Here's a list of the data-driven content and general content marketing folks we look up to. Who else should be on the list?

I was talking to someone recently about our research blog and he said he loved what we do and described it as “OkCupid for venture capitalists”.

My first reaction was to smile.  I then said “Thanks. You don’t know how much you just made my day.”

In my head, I was thinking “You just compared us to the Michael Jordan of data-driven content. Holy shit.”

michael jordan of content

The reason for our excitement was that a lot of our initial inspiration for the CB Insights research blog came from what Christian Rudder and his team had done at OkCupid.  So being compared to them was very high praise. For a time, they were the Michael Jordan of the data-driven content game.

While we were initially inspired by OkCupid, over time, others have come to be influential not just in our data-driven content but in our general content strategy and voice.  And so I wanted to highlight our content marketing idols in case others out there might benefit from some of these folks.  And of course, if there are others who are awesome at this, please let us know in the comments.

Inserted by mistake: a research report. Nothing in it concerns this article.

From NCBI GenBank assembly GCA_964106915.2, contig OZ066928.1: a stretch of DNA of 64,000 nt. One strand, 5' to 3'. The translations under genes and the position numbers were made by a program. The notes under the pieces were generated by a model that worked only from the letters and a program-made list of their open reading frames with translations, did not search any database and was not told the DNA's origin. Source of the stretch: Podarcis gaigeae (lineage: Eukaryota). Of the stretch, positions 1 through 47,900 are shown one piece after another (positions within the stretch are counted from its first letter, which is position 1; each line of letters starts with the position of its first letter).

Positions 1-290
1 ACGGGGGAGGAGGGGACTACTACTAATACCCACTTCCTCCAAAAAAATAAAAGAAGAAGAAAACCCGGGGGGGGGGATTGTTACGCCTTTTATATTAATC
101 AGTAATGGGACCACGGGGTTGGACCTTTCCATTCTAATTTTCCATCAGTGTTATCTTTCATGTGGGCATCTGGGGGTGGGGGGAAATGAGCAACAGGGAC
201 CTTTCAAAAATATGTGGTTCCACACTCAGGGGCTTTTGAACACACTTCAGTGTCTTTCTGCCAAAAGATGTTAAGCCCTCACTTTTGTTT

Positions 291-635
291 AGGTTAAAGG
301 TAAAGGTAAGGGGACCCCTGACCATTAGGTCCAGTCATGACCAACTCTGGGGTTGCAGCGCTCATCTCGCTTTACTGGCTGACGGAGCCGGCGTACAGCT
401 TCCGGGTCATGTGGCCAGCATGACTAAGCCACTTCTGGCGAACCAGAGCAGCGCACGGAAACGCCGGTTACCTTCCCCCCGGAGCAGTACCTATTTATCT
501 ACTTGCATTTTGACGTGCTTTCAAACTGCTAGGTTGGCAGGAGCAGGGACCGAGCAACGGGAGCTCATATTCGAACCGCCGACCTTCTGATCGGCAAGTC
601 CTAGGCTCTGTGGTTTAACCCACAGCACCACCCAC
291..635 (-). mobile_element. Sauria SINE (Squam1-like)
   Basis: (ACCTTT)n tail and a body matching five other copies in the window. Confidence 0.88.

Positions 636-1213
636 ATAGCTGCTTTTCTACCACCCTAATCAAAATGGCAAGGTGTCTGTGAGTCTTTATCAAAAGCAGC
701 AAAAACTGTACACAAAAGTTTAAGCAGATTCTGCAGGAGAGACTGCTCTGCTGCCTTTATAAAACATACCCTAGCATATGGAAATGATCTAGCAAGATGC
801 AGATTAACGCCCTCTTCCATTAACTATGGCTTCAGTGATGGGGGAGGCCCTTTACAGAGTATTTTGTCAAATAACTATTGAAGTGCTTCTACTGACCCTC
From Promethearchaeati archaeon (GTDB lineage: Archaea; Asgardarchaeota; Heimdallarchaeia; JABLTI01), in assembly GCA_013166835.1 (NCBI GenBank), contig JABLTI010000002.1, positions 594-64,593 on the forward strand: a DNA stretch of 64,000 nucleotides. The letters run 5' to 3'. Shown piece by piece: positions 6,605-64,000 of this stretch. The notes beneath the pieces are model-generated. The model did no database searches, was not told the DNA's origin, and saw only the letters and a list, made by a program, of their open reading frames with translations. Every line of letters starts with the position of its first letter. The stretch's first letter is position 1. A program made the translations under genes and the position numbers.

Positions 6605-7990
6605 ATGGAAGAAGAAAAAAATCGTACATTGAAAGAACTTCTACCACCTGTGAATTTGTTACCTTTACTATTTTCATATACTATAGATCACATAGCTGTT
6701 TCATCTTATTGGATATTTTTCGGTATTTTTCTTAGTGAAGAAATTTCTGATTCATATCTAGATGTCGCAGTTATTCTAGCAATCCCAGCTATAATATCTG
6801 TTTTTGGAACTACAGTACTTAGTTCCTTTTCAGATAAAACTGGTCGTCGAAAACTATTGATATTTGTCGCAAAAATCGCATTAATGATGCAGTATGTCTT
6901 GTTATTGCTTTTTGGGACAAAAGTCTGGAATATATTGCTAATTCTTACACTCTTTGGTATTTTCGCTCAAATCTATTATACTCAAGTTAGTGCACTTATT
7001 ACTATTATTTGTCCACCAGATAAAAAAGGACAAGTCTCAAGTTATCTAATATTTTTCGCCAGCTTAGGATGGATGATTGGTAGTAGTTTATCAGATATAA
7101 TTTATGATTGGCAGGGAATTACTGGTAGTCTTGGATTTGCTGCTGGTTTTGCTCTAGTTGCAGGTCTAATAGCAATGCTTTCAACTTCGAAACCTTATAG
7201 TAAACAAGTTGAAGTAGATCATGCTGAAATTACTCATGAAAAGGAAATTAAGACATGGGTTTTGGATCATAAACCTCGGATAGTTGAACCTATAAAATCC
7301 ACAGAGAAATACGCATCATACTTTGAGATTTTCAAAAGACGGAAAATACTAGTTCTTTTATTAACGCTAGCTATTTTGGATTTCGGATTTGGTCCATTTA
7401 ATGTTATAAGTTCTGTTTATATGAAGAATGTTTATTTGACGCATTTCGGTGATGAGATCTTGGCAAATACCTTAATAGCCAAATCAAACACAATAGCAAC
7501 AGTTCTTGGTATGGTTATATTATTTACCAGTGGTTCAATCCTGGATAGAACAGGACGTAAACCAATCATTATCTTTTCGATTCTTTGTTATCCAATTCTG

One note: There are, of course, many others out there who have written great content, but we’ve found these folks do it consistently and hence they are in our hall of fame.  For those of you who do content or data-driven marketing, who else should I have included? Let me know in the comments.

Without further ado, here are our content marketing idols.


#1 – OKCupid


This is a dating site that had a famous blog aptly named Ok Trends which was led by Christian Rudder that would churn out data-driven gems like:

So what did we learn from a dating site? They took all their proprietary data from people’s profiles and offered insights in a smart and intelligent way into burning questions like sexual activity by smart phone brand.


This. Stuff. Is. Gold.

The blog helped OkCupid stand out from the crowd, lowered its cost of customer acquisition and eventually sell to for $50 million.

Unfortunately, the site’s content has not been updated in a long time, but the historical stuff is on the Ok Trends site and is worth a review.  Even if aren’t into data-driven content marketing, their mix of data and content is entertaining.

What we learned from OKCupid?

  • How to take data and turn it into interesting content